Courier Country motorsport fans have been urged to help a museum project honouring two-time Formula One world champion Jim Clark across the fundraising finish line.
The £1.65 million scheme aims to expand the Jim Clark Room in Duns, where a unique collection of more than 100 trophies amassed by a man regarded by many as one of the greatest racing drivers of all time already draws thousands of visitors from across the globe each year.
Clark was born in the Fife hamlet of Kilmany and is recognised there by a bronze statue, unveiled in 1997 by close friend and on-track rival, three-time F1 World Champion Sir Jackie Stewart.
At just six years old, Clark left Courier Country before becoming the Borders farmer whose talent behind the wheel would bring him iconic status in the history of motorsport.
The museum plan has drawn support from the Scottish Border s Council and is aiming for substantial lottery funding to help expand the facility and allow cars which Clark drove to glory at the world’s legendary Grand Prix circuits to go on display, hopefully trebling annual visitor figures.
The Jim Clark Trust hopes the project will be complete by 2018 – the 50th anniversary of Clark’s tragic death in a Formula Two race at Hockenheim in Germany aged just 32 – and with a community fundraising target of £300,000 would love to see support from the area of the legend’s birth.
Trust secretary and chair Ben Smith said: “The Jim Clark Trust would be delighted to receive the support of Kilmany and Fife to raise awareness of plans for the new £1.6m museum and our fundraising campaign.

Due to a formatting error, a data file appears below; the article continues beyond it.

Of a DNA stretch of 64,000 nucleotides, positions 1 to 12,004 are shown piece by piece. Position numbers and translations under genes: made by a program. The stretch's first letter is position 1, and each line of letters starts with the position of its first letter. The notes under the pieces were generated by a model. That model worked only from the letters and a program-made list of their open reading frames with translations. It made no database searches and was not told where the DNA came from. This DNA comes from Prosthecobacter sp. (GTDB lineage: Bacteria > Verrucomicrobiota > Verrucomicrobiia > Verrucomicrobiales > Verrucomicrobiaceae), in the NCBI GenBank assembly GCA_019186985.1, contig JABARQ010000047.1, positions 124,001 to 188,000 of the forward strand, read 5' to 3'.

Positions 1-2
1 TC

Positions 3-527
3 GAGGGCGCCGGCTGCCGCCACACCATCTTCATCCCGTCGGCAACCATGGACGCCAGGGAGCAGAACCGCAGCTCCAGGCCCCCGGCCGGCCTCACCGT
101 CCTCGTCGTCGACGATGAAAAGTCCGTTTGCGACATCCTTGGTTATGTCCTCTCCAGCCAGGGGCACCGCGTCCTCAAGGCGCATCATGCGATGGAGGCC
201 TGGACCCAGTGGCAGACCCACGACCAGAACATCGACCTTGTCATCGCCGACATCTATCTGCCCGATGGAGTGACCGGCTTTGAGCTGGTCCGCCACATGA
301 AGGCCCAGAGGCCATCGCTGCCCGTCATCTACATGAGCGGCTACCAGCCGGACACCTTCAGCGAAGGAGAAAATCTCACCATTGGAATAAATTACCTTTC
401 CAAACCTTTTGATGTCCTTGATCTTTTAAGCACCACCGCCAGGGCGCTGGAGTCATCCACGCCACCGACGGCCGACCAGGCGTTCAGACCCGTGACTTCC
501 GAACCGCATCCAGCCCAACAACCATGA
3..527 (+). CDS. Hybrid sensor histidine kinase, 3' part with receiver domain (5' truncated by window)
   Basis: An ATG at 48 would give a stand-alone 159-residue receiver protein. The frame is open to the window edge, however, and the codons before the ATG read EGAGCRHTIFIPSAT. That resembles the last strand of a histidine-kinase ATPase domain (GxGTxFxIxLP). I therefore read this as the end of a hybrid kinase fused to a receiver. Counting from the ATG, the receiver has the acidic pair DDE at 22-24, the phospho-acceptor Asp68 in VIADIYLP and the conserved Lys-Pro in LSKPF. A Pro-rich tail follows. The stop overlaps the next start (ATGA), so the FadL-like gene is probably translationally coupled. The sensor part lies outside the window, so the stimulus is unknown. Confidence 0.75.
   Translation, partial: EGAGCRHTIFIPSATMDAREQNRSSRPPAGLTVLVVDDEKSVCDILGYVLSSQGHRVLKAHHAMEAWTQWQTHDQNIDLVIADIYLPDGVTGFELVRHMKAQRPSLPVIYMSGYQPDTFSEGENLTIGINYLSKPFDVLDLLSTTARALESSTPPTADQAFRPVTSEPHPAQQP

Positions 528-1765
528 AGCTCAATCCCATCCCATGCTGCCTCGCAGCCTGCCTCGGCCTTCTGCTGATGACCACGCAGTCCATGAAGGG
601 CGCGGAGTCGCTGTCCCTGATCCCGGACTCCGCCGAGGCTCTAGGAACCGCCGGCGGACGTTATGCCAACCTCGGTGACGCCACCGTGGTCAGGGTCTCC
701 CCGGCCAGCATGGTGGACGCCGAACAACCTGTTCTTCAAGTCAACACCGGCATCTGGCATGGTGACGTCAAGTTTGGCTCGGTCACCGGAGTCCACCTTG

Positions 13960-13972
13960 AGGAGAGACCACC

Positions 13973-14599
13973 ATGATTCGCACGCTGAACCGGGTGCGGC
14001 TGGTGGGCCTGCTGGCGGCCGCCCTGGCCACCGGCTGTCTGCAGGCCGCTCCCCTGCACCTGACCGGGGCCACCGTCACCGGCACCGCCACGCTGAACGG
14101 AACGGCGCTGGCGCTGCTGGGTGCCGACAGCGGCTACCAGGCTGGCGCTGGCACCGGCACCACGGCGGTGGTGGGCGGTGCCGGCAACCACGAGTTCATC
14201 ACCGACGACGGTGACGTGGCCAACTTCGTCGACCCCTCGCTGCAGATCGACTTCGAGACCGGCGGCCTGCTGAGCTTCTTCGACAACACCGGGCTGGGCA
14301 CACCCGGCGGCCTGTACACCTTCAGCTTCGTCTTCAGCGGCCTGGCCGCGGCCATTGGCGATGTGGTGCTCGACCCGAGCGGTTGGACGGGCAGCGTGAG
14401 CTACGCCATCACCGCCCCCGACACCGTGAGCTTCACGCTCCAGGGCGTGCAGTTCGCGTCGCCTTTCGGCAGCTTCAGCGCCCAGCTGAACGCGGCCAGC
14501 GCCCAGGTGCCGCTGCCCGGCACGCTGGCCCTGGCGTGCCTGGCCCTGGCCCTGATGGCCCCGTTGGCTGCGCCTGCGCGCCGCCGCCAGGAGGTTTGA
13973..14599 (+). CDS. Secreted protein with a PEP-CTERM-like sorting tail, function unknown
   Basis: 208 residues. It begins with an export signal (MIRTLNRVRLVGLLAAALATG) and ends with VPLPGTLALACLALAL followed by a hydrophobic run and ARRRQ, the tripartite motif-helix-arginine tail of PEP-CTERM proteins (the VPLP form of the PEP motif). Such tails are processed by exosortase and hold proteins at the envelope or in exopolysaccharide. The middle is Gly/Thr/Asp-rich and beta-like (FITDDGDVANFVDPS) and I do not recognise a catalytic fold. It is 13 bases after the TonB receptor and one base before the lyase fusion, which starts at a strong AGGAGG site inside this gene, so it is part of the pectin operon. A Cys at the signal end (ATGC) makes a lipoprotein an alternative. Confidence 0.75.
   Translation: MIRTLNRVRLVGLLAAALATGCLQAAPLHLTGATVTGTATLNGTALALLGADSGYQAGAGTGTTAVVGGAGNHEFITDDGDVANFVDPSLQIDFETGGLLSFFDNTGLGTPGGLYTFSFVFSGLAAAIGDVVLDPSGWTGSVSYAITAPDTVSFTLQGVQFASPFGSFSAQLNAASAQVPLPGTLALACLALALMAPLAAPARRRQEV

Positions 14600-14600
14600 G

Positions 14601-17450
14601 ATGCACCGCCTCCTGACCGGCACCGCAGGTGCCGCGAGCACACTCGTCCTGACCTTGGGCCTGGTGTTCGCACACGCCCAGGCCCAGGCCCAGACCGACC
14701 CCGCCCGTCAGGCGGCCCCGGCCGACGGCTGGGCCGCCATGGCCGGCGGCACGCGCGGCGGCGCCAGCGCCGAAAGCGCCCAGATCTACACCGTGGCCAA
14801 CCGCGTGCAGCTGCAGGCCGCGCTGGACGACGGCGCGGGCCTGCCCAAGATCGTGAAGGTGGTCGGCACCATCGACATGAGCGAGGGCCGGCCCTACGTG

“Jim Clark is one of Scotland’s greatest and much loved sporting icons, born in Kilmany and commemorated by the David Annand-designed bronze statue which still draws fans from far and wide to this day.
“Our aim for the new museum in Duns is to celebrate his life and legacy for those that knew him and the next generation through heritage, education and inspiration.
“We are very grateful for the support of Sir Jackie Stewart and motor sport, but most importantly the general public, without whom this project would not be possible. Every pound helps and we would be delighted to receive donations and enquiries,” added Mr Smith.
Donations to the museum appeal can be made at https://www.justgiving.com/jimclarktrust.
The quiet man whose shyness belied genius
Jim Clark was the shy Scots farmer whose mesmerising skill behind the wheel continues to see him regarded by many as the greatest ever racing driver.
In the deadly era of the 1960s, Clark won two Formula One World Championships, the legendary Indianapolis 500 and recorded 33 pole positions on his way to 25 Grand Prix victories from just 72 races.
He turned his talent to GT racing, sports cars, saloons and even rallying, universally admired as a remarkable rival and fine friend by the drivers of a halcyon era graced by names including Jackie Stewart, Graham Hill and designer Colin Chapman, in whose Lotus racing cars Clark dominated.
Stewart said of his great pal: “He was so smooth, he was so clean, he drove with such finesse.
“He never bullied a racing car, he sort of caressed it into doing the things he wanted it to do.”
The three-time F1 World Champion is the honorary president of the Jim Clark Trust, alongside fellow trustees including triple Indy 500 winner Dario Franchitti, Scots F1 star David Coulthard and Le Mans legend Allan McNish.